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Lost Opportunity

Published: Mar 02 , 2020
Author: John Leehman

Joe, a friend of mine with years of specialty medical experience, was relocating to a new area and looking for a challenging job with good compensation and working conditions. He had an impeccable résumé, not to mention a stellar reputation in his market. During his search, he came across a career opening that unexpectedly — and mysteriously — fell through.

By the looks of it, the missed job opportunity matched Joe’s qualifications perfectly. In fact, the employer made an offer immediately following the initial interview. While the proposed salary was slightly less than Joe was looking for, the offer came with an aggressive bonus plan and an opportunity for him to oversee a new office with dynamic market potential. Joe was excited by the prospect of career advancement, and a match clearly seemed possible.

Then came the rub. The final contract details, submitted by the employer, were sketchy to say the least. First, the salary offer was much lower than had been discussed. Secondly, it didn't include the responsibilities for leading the new office. Something was amiss. Joe was still interested in the position, so he made a counteroffer to deal with what he hoped was an oversight.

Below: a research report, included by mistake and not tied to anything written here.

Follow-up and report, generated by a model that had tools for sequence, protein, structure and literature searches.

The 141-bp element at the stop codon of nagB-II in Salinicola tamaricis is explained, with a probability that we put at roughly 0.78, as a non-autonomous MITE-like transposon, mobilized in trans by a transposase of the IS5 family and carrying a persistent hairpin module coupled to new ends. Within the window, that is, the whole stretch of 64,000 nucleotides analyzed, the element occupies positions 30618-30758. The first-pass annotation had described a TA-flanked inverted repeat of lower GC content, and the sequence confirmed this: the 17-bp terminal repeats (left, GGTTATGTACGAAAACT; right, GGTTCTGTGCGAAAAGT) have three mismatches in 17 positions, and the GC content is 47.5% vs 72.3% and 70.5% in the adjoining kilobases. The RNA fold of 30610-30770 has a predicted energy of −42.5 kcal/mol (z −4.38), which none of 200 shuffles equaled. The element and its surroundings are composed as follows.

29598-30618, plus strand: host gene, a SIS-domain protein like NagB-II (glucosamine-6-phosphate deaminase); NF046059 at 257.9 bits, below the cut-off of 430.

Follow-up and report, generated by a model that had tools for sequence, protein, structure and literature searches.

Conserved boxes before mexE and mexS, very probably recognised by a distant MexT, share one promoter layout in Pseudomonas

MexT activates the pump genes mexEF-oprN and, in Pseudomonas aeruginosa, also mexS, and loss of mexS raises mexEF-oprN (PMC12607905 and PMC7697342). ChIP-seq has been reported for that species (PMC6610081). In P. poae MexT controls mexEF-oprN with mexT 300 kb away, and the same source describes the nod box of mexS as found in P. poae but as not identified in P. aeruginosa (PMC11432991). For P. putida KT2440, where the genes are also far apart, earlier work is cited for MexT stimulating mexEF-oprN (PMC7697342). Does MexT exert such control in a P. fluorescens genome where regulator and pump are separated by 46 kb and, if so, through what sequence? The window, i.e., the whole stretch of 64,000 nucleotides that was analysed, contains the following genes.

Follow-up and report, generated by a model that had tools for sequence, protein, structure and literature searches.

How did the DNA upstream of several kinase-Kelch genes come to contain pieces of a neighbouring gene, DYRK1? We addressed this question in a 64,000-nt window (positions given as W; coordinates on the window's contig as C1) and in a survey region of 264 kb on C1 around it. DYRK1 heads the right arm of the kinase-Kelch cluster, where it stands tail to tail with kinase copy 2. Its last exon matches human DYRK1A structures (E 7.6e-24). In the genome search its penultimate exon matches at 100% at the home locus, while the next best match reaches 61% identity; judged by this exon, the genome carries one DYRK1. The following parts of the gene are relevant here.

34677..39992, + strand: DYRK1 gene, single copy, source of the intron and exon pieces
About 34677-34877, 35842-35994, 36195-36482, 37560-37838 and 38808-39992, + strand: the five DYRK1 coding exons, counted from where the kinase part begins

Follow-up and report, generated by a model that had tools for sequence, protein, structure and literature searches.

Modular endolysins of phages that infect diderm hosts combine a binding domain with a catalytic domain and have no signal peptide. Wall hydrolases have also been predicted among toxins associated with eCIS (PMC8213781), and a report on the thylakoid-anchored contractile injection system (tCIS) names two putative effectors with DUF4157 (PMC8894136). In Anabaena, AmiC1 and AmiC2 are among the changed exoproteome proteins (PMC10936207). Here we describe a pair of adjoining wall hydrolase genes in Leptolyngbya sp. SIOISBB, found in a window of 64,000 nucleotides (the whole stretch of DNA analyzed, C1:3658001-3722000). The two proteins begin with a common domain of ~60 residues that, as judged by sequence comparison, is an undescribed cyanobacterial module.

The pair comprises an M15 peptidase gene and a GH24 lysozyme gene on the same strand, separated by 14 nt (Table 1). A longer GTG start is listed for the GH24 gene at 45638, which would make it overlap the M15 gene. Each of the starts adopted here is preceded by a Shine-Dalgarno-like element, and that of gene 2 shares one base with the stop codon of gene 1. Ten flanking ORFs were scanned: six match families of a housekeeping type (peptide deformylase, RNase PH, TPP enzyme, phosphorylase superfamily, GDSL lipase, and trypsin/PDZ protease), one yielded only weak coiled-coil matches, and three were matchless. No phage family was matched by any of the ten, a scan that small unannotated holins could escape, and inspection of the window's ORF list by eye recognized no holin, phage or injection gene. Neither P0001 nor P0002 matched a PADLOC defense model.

Joe’s counteroffer attempted to accomplish two things: He assumed that first-year cash flow was a high priority for the employer due to the new office location and start-up costs, so he decided to accept the lower first-year salary offer, but he structured his counterproposal to guarantee his desired salary within three years, regardless of market conditions beyond Joe’s control. Secondly, he asked for more clarity on some of the working conditions that he and the employer had discussed during the interview, but that were not laid out in the employer’s final offer. It was critical that Joe have complete transparency into these specifics, because he was emerging from an unfavorable employment environment at his last job — one that he didn’t want to repeat.